He continued: "Not only was the architecture built, but the food, packaging, knives, forks, spoons and vending machines were all designed." "It was certainly the most complicated and most technologically advanced film very, very complex. "We had 13 electricians working full time, wiring up lights. We had three kilometres of fluorescent light tubes."
Sinclair, the art director for Wellington's film sets, pointed out it was the first time a Hollywood film had come to New Zealand without any interest in the country"s scenery. He said: "Traditionally they come for the location. But Avatar had no location - it was purely for the expertise." Talking about helmer James Cameron, Sinclair said: "He was really delighted with the set and told us. Most directors don''t bother doing that."
Since Cameron liked glossy black vinyl flooring in the alien world, the crew had had to work some long nights replacing their original choice, Sinclair revealed. Sinclair, one of three listed on Avatar's nomination for art direction, will attend the Academy Awards ceremony next month. He said: "I like to be behind the cameras I''m a typical Kiwi bloke. I think it will blow over. I hope so."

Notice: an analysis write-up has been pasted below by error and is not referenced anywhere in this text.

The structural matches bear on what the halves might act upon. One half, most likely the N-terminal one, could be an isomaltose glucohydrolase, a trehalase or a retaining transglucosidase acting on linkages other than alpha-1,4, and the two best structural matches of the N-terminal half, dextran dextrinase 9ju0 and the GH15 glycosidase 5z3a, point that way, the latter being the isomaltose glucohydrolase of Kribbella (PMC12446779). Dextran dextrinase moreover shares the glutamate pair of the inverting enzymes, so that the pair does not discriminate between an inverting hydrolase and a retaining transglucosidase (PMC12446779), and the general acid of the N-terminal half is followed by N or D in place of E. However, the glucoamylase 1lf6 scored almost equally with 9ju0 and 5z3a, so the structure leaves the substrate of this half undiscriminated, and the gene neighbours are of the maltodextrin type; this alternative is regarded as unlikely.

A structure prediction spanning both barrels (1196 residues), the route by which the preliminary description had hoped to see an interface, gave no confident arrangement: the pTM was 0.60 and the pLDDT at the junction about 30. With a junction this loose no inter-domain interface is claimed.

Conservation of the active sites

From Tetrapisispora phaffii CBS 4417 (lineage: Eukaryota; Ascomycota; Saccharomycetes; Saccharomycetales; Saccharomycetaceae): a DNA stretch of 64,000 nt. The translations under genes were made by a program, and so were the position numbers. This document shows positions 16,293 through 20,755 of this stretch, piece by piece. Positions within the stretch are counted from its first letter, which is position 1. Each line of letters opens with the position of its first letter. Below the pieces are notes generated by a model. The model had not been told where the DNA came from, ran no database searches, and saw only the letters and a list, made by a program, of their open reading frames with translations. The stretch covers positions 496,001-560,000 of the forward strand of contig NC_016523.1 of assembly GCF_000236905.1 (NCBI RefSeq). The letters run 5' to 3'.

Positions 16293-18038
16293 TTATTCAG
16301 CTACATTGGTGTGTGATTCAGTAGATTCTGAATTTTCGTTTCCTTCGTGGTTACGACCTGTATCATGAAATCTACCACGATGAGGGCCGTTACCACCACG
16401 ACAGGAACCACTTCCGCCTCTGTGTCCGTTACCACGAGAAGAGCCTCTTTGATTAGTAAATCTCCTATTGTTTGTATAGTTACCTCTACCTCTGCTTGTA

Wellington (ANI): Kim Sinclair, the Kiwi art director of Avatar, says there is more to the flick than just digital effects. Sinclair, who has earned an Oscar nomination for the film, said it was not easy to make the movie, as everything had to be designed afresh. "We were building and designing everything in an entire world, every little item," the NZ Herald quoted him, as saying.